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To Mothers Everywhere

The Goldstream Gazette:
LETS TALK May, 2009

Paul Beckow M.Sc. R.P.C.
Individual, Marriage, Family Counsellor

I remember being 10 years old, away from my family at my first ever summer camp. At “rest time” I would quietly walk off through the woods, all by myself and whistle my mother’s favourite Broadway songs, as loudly as I could. Gosh, how I missed my mother and my family home.

These songs, and my walk through the forest, evoked a mix of joy and sadness acknowledging a truth deep in my heart. That is, there was nothing I was more grateful for, in my entire 10 year-old life, than my mother.

I recall at 12 years old, spending hours at night at my back yard basketball hoop, practicing my free throw shots under the lights. I was determined to improve my shooting accuracy.

I thought I’d improve best if I could find one single powerful motivation to absolutely “have to” score on each and every shot I took. So I told myself that if I sank the next shot, that very shot, if I sank it, had the power to save my mother’s life, And my mother would live forever. In my 12 year old world nothing could possibly matter more to me than that.

As with all our mothers, my mom did so much for me. I had so much to be thankful for: clean pyjamas, 3 good meals a day, reading to me at bedtime and being tucked in under the clean sheets, being steadied on my first bike with training wheels. I recall our early morning walks to school, peanut butter and banana sandwiches in my lunch kit, trips by bus to the beach in the summer, teaching me to swim, new runners, car rides here and there.… The list was endless.

At the end of my grade five year my teachers called a meeting with my mom and me to tell us both that I needed to attend summer school as a condition for passing into grade six. After listening patiently to them, my mom announced, “Okay. We’ll do it !” Then, turning to me, she smiled and said “ I guess they don’t yet know just how smart you really are. And a little summer school is just the thing to show them!”

My mom believed in me when I hadn’t yet learned to do that myself.
( And yes, I did believe her about the summer school thing - and yes, we did show them. )

I remember while playing Little league getting up to bat at the plate, and my mom cheering so loud, it was almost embarrassing . “Hit it out of there Paul. You can do it ! ”

There is something so powerful, almost sacred, in the precious gift of a mother’s attention and commitment to her children.

In the last four plus years I have watched my daughter-in-law as she cares for our beautiful granddaughters Emma and Ava. As their mother, Alex’s focus, her concern, adoration, her devotion to them both is indescribable.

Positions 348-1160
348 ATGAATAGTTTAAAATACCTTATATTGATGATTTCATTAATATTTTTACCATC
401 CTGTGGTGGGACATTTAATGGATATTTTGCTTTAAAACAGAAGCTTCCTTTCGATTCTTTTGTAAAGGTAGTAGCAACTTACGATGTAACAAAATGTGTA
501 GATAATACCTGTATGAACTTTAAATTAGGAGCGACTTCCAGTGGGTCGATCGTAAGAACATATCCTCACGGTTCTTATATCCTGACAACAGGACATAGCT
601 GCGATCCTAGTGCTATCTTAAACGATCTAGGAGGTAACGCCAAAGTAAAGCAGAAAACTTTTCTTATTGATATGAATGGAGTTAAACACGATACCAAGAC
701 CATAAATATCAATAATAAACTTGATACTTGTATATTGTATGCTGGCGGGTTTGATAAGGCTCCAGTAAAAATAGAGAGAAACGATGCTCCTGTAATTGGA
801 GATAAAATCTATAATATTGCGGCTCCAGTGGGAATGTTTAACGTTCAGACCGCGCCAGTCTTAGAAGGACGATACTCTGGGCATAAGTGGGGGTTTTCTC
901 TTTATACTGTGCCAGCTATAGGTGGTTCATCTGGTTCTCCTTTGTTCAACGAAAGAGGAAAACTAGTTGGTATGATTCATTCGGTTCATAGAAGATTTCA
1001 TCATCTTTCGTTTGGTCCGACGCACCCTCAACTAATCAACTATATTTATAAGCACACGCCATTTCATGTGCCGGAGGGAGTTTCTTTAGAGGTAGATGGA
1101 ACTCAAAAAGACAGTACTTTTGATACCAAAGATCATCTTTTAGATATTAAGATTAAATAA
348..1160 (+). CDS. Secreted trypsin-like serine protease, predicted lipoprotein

Devotion: that is the word. A mother’s devotion to tend to, to care for her children, is the fullest, deepest, most unconditional human act of love on our planet. It is an amazing gift.

When I was 23, my mother died quite suddenly. I’ll never forget my shock and disbelief receiving the news.

Then soon afterwards, I noticed another equally strong feeling. I experienced a deep sense of peace. My strongest feeling, my deepest reality, was gratitude.

I saw that my mom had done her job! I was ready now to take on my life. The truth was I was so grateful that I had had her in my life for all of my 23 years.

Then, alongside this gratefulness, I became aware of another feeling – regret. I realized that in our time together I had never fully expressed my gratitude and appreciation to my mom for all she had done for me while she was alive.

I was mystified ! How could such a deep feeling so strong within me all these years, go unexpressed to her? Why hadn’t I communicated these feelings of thankfulness and gratitude?

It is out of this awareness that I greet the opportunity brought by Mother’s Day 2009. I wish to express my gratitude to mothers everywhere.

Thank you for all you are – for all your caring, and for all you do. You make an enormous difference for life and for all our world. It’s not possible to thank you enough.

Yet I know you understand the gratefulness we feel. I know that - because you have a mother too.


Paul Beckow is a marriage counsellor in the West Shore and can be reached at his e mail: pbeckowLETSTALK@shaw.ca or Paul Beckow Counselling 250 721 2477.

For personal or couple counselling, for more information, or to register for a course - please contact Paul Beckow at The Victoria Family Institute.

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